—Didier, DR Congo
The relationships between our host families and Scholars are transformational. Host families support our Scholars during their college years, and our Scholars enrich the lives of their host families. Watch the video below to hear our host families and Student Support Coordinators share the host family experience.
We’re searching for host families in the following cities. Email Anna Phillips (email@example.com) for an application and more information.
B2R Founder Dale Dawson delivered a message of encouragement and advice to Hendrix College graduates during their commencement on May 13. Hendrix, a long-time friend of Rwanda and B2R, awarded Dale an honorary Doctorate of Humane Letters. Congratulations, Dale!
Dale encouraged graduates to build on their strengths, “let the fruit of their work grow on other people’s trees,” and advised them that “their light doesn’t have to be big to be bright.” Watch the video below to hear what he shared with the class of new graduates.
After several years of working in admissions at Vanderbilt University and as a college counselor at a private high school, Joy Beth Bodie felt an unmistakable calling to support African students in their journeys to college. In 2013, Joy Beth (an Alabama native!) made the move to Rwanda’s capital city to join our team as College Counselor and Student Advisor. Here she shares what is most rewarding about her job, what her life is like in Kigali, and what makes the Scholars exceptional.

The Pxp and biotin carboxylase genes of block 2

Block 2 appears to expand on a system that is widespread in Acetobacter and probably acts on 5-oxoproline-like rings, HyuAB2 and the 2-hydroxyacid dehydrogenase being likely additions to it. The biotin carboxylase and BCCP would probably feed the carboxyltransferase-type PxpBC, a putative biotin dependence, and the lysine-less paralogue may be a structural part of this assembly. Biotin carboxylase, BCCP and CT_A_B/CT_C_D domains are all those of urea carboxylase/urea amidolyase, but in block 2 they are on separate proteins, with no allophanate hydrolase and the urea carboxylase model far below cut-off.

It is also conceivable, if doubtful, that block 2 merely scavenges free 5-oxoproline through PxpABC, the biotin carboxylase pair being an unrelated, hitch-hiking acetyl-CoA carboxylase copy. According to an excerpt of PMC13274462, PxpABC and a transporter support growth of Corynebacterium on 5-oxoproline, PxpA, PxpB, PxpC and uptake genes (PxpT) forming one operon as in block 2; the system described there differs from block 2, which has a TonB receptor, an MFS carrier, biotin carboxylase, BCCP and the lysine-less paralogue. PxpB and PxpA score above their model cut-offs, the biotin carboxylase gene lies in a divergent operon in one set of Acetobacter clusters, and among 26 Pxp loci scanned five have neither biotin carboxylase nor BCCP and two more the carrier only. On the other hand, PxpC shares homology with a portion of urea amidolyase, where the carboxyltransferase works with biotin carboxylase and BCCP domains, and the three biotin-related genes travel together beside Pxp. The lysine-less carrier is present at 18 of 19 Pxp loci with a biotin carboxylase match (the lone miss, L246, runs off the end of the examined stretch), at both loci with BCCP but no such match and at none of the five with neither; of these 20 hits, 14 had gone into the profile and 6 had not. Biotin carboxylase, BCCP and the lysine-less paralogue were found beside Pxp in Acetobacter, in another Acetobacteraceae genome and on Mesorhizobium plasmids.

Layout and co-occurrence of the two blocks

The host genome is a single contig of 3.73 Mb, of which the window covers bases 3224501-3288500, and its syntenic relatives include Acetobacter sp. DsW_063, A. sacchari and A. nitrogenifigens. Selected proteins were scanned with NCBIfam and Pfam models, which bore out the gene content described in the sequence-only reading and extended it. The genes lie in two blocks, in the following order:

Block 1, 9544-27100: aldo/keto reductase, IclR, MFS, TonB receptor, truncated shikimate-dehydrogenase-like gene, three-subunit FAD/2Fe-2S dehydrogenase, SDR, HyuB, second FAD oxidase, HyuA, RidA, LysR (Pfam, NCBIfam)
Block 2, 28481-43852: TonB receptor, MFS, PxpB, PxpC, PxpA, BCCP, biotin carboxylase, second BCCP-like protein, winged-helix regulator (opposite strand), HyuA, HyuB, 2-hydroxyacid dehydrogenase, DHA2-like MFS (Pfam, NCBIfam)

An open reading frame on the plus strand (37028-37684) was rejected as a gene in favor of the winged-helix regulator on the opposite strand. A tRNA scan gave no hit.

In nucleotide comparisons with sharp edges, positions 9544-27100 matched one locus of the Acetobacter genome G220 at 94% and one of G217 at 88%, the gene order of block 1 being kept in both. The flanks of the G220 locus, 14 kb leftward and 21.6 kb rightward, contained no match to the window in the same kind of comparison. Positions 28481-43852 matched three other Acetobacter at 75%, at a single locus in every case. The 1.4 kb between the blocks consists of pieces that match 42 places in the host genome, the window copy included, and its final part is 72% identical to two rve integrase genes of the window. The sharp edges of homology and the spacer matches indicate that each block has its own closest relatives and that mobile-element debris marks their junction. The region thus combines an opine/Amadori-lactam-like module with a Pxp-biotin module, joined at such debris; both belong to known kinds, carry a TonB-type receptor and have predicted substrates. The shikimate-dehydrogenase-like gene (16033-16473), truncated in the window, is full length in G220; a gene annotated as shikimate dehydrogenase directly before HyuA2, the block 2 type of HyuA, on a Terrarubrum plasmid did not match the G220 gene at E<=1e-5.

What is your role?
I help students tell their stories through personal essays and apply to schools that I feel are the right fit. I also welcome university admissions counselors when they visit Rwanda and help them plan their visit. When I’m on the ground in Kigali, I live with the students in their house. This past fall, I taught a yoga class every Sunday night as well as a co-led a Bible study for the girls alongside Liz. I love being able to help when students are sick or stressed about standardized test scores. Living with them is an opportunity for me to get to know them in a different way.
When I’m in the U.S., I often travel to universities. Managing relationships with universities is a big part of college counseling. It’s important for the admissions officers at the schools where our students apply to trust me when I say that “this scholar is the best fit for your school for this reason.”
You’ve mentioned before that you felt called to move to Africa. How did you feel when you arrived?